I have always prided myself on the ability to cook with my nose. People often look at me puzzled when I say that. Smell is how I usually figure out what works with what and, how much of what is right for a dish. I am not discounting taste but my nose knows. I have been able to tackle many regional cuisines this way. From Caribbean to Indian, I have sniffed myself far out of my comfort zone and mastered those foreign cuisines. Visiting these countries helps a lot too. My nose is good but its proximity to the home of a particular cuisine helps out a lot.
I’ve been to England many times and my nose and adventures have proved to be ineffective in mastering their cuisine. Although Britain is notorious for “bad” food, it wasn’t until that Canadian I mention all the time started talking about her childhood comfort food that my interest piqued. See, that Canadian, as it turns out, spent the first seven years of her life living outside of London. And now…well…she lives with me. So, I decided that I would attempt to replicate one of her childhood favorites with my defunct olfactory system and her sharp memory as obstacles. The catalyst for this was a few weeks after my closet was taken over by dresses and high heels. She decided to cook me one of her favorites, Shepard’s pie. I’ve had this in London many times but nothing compared to what she made inside my Brooklyn oven that night. This intrigued me immensely and I decided it was time I gave British cuisine a go.
To start my dish I needed to figure out how “My” pie would be done. The basics of the classic dish is ground beef, peas, mashed potatoes and cheese. Of course, their are some secrets to the casserole. A pint of Guinness being its “secret weapon”. The basic build is as follows. Cook the ground beef, add in the beer and peas. That gets layered into a casserole dish and topped with mashed potatoes. On top of that, the cheese. BOOM, into the over for 25 minutes and then “ta-da there it is, love” (In your best Cockney accent). The first thing I did was pull all the ingredients apart and look at them individually. I played a little food association game pinning the original ingredients against me. Here are the results.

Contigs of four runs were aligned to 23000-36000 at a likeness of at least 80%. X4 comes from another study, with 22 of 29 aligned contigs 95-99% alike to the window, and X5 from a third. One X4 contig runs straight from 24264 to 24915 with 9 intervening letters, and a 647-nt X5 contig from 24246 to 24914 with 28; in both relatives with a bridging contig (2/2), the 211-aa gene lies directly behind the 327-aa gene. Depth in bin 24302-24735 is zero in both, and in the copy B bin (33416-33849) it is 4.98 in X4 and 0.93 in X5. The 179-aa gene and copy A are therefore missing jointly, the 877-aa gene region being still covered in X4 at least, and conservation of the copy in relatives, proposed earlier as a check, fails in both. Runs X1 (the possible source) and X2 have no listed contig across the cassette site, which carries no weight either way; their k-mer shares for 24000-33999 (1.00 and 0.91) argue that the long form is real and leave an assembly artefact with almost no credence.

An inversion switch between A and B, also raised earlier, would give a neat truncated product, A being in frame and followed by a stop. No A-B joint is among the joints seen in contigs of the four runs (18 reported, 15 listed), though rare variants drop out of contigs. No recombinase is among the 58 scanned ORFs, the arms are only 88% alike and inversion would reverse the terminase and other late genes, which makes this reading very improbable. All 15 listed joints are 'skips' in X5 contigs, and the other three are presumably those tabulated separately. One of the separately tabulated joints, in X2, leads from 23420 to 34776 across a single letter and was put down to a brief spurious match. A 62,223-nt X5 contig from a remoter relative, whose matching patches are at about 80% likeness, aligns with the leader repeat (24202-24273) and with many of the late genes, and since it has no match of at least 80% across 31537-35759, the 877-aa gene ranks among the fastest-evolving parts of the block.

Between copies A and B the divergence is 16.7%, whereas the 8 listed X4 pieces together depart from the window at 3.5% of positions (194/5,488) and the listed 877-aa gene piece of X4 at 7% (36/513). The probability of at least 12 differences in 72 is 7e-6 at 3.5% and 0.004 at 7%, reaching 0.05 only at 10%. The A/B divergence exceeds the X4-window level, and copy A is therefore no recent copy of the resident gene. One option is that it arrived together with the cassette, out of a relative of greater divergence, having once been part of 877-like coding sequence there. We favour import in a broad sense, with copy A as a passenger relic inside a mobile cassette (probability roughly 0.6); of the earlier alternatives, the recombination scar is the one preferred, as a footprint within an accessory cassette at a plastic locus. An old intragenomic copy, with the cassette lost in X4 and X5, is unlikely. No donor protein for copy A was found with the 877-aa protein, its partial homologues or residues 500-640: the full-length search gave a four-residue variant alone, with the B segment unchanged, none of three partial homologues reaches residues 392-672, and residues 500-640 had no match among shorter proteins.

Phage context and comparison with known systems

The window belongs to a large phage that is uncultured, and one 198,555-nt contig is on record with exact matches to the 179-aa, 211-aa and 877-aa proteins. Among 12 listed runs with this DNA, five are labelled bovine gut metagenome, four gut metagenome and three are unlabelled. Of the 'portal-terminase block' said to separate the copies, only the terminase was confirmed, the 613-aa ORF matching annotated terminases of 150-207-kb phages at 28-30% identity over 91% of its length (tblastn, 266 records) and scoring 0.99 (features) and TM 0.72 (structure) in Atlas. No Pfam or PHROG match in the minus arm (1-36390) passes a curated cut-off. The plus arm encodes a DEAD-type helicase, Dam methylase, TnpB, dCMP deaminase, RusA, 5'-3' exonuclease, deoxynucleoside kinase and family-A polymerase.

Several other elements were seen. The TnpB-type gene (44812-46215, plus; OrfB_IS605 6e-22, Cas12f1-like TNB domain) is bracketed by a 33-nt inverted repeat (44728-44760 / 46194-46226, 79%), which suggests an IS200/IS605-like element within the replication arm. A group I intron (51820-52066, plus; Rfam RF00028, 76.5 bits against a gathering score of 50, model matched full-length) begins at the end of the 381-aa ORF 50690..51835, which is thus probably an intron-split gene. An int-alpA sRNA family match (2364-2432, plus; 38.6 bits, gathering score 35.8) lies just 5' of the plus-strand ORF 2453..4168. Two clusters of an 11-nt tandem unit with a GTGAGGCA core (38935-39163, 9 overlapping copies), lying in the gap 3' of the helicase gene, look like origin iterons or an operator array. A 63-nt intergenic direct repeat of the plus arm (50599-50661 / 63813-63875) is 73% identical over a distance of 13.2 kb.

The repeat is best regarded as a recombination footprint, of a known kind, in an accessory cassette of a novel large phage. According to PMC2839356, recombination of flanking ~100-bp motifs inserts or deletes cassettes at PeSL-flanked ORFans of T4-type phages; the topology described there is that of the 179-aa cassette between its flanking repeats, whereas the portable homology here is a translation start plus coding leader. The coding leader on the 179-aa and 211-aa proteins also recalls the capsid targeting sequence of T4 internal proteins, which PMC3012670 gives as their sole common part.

Ground Beef=Short Rib
Not perfectly successful, it did raise a few alternatives that made me a bit more comfortable with what I was attempting. It also excited me. In particular, I was curious to see how my substitutions might alter the flavors while simultaneously staying true to the dish’s big and bold traditions. I decided to keep the peas and the mashed potatoes but sub in the short rib and red wine. Here is the result.
10 bone in short ribs
1 bottle of red zinfindel
4 cups of beef broth
frozen of fresh peas
10 yukon gold potatoes
2 sticks of butter
1 cup of cream
1 cup of milk
1 brick gruyere cheese-shredded
salt and pepper
1. Add 3 tbs of oil to a large cast iron pot
2. Salt and pepper ribs and in batches to caramelize on all sided
3. Remove ribs and deglaze with 1/2 cup of wine
4. Pour reduced wine and all the bits over ribs
5. Add another tbs of oil to the pot and toss in the onions
6. When they are caramelized add back in all the ribs
7. Add the rest of the wine and as much beef stock as needed to just cover the ribs
8. Cover and place into a 350 degree oven for 3 hours
9. Remove from oven. remove ribs. Place sauce and ribs in the refrigerator overnight
10. In the morning, remove the layer of fat from the top of the sauce and simmer on high to reduce by 2/3
11. Add ribs back to the sauce and place in 350 degree oven for 1 hour
12. Remove from oven and strip meat from bones in a separate pan. Discard the fatty layer that attaches meat to bone.
13. Shred rib meat
14. Add peas to the meat
15. Add flour to water and make a slurry
16. With sauce still simmering, add slurry to sauce and whisk to thicken
17. Once thick pour sauce over rib meat
18. Peel and boil potatoes
19. Drain potatoes. add 1 stick of butter and cup of milk
20. Mash vigorously. add cream and more butter until smooth
21. Add fresh chopped thyme and a few pinches of pepper
22. Take an oven safe casserole dish and start to build your pie
23. Layer half to 2/3 of the pan with rib-pea mixture
24. On top of that layer mashed potatoes
25. Smooth with a spatula and be sure to use potatoes to seal the edges of the casserole dish
26. Sprinkle with cheese over top
27. Bake in 350 degree oven for 25 minutes until hot
Apparently my little game worked and I was able to conquer a dish far out of my comfort zone. But, don’t just take my word. The true test was when I gave it to the Canadian for a taste. Here huge, beautiful eyes opened up even larger and she got a shaky glow letting me know the bite had a time machine inducing taste. Flashing back to her childhood with every third frame popping up an Italian monument sent her deep into her comfort zone while she discovered something fresh and new. I’d say that makes it a true success. Now, if I could only master that accent.